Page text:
International Association of Scientific and Technological University Libraries

IATUL News Alerts

Archive December 2013

Starting the conversation: University-wide research data management

Monday, 16 December 2013 3:01:46 p.m.

Starting the Conversation: University-wide Research Data Management Policy is a call for action that summarizes the benefits of systemic data management planning and identifies the stakeholders and their concerns. It also suggests that the library director proactively initiate a conversation among these stakeholders to get buy-in for a high-level, responsible data planning and management policy that is proactive, rather than reactive.

Key highlights:

· The benefits of funder-required data management planning should apply to all research data
· Research and Compliance Offices, IT, Academic units, the Library, and Researchers should be involved in setting policy
· An entrepreneurial person may need to get things going—why not the library director?
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CLIR Publishes Research Data Management: Principles, Practices, and Prospects

Monday, 16 December 2013 2:59:33 p.m.

The Council on Library and Information Resources (CLIR) has published Research Data Management: Principles, Practices, and Prospects. The report examines how research institutions are responding to data management requirements of the National Science Foundation, National Institutes of Health, and other federal agencies. It also considers what role, if any, academic libraries and the library and information science profession should have in supporting researchers’ data management needs.

“The DataRes report comes at a critical moment in the data management conversation,” said Rachel Frick, director of CLIR’s Digital Library Federation program. “I hope our community will use this report to inform and evaluate its work.”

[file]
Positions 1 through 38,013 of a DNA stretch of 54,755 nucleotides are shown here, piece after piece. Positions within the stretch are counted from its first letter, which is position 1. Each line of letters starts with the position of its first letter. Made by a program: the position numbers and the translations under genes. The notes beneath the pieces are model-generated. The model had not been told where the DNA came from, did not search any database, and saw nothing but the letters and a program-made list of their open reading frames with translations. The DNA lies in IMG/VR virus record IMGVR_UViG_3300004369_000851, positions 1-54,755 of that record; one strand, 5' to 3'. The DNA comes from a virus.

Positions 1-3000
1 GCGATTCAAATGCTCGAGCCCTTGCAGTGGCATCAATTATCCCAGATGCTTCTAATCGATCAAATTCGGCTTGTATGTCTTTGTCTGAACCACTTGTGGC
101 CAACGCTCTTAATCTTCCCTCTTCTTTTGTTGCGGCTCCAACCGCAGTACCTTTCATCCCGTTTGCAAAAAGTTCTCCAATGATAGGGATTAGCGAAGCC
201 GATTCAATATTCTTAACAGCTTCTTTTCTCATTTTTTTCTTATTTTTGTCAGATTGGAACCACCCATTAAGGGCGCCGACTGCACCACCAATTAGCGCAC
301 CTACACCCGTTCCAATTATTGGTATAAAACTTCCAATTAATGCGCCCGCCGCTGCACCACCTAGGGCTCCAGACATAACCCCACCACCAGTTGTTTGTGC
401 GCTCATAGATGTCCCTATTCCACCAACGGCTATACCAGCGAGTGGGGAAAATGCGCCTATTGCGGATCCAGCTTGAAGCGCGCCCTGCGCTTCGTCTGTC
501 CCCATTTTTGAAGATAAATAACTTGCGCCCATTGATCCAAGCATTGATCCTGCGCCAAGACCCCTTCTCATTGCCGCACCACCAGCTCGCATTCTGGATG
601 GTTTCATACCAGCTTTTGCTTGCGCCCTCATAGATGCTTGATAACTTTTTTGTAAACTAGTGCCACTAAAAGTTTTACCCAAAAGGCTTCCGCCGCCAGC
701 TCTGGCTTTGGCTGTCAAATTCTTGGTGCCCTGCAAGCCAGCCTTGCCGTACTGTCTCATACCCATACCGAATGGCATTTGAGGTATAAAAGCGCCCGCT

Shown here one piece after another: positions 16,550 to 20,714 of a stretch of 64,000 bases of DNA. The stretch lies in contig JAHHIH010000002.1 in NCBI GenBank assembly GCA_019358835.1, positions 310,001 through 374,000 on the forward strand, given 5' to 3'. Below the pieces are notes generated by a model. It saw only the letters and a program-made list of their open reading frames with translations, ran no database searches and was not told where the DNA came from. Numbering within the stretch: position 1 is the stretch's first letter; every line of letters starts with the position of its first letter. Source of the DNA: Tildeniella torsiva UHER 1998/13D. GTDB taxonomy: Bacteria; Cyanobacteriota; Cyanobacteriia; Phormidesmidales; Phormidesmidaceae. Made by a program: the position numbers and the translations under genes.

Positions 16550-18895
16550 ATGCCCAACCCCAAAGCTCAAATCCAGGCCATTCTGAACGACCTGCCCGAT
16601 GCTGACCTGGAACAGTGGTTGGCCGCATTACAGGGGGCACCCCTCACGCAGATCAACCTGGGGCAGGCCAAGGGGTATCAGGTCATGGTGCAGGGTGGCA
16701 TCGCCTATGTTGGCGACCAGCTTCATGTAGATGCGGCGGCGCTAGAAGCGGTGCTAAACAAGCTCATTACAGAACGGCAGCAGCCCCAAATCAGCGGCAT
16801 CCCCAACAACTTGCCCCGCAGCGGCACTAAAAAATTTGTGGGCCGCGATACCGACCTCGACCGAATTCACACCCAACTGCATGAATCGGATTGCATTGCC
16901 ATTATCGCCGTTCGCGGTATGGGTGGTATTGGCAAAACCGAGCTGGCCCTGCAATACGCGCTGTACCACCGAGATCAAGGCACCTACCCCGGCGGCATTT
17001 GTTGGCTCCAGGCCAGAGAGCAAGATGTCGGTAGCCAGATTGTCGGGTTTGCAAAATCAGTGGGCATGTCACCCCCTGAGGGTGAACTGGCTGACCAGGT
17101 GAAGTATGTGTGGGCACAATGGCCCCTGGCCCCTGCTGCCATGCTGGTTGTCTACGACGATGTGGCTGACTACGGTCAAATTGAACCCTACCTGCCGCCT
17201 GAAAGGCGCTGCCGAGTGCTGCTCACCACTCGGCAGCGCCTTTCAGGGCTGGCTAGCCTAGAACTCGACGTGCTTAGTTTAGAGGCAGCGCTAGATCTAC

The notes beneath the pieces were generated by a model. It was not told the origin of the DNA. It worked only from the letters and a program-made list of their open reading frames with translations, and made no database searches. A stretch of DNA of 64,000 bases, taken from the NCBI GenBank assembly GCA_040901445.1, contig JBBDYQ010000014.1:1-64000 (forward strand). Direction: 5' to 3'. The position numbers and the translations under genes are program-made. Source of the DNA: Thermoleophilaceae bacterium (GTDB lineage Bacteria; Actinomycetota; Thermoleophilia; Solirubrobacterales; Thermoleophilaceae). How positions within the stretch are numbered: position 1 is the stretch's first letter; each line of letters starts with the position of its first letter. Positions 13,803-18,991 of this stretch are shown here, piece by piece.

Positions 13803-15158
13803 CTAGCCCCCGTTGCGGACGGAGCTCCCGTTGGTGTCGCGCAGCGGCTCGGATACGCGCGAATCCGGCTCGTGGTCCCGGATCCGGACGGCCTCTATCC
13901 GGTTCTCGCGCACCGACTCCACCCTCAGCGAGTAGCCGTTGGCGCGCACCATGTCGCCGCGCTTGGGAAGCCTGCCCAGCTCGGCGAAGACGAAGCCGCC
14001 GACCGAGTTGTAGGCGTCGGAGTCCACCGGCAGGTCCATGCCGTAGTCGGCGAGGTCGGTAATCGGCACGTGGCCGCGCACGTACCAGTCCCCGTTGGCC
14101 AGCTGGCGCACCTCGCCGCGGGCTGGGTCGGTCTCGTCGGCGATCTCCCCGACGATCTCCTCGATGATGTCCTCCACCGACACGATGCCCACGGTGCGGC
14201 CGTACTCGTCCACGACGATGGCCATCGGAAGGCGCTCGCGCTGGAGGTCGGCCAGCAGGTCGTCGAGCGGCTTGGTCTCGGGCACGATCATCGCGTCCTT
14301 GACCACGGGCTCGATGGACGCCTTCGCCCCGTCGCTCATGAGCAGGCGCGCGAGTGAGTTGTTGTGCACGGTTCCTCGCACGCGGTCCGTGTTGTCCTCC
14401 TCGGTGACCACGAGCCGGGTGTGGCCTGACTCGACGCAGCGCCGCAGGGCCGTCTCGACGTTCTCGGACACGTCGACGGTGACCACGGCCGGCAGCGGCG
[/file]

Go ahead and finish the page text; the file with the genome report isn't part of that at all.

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Results of the consultation on Open Research Data

Monday, 16 December 2013 2:56:54 p.m.

Open enquiry is at the heart of scientific endeavour, and rapid technological change has profound implications for the way in which science is conducted and communicated. Research is being transformed in particular by the increasing availability of digital data and new technologies for gathering, processing and generating digital resources.

In the communication 'Towards better access to scientific information', the Commission announces that it will 'provide a framework and encourage open access to research data in Horizon 2020, taking into account any restrictions that may be needed in order to protect intellectual property or legitimate commercial interests'.
On 2nd of July 2013, the EC held a one-day public consultation on open research data in Brussels to obtain the input of all concerned stakeholders on this important and sensitive issue. Attendees included stakeholders from the research and publishing communities, as well as libraries, universities and industry representatives. The outcomes of the consultation will help the Commission to develop its policies on open research data.

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Open data: Unlocking innovation and performance with liquid information

Monday, 16 December 2013 2:53:02 p.m.

Open data—machine-readable information, particularly government data, that’s made available to others—has generated a great deal of excitement around the world for its potential to empower citizens, change how government works, and improve the delivery of public services. It may also generate significant economic value, according to a new McKinsey report. The research for this report was jointly conducted by McKinsey’s Business Technology Office, the McKinsey Global Institute, and the public sector practice, which incorporates the McKinsey Center for Government. Our research suggests that seven sectors alone could generate more than $3 trillion a year in additional value as a result of open data, which is already giving rise to hundreds of entrepreneurial businesses and helping established companies to segment markets, define new products and services, and improve the efficiency and effectiveness of operations.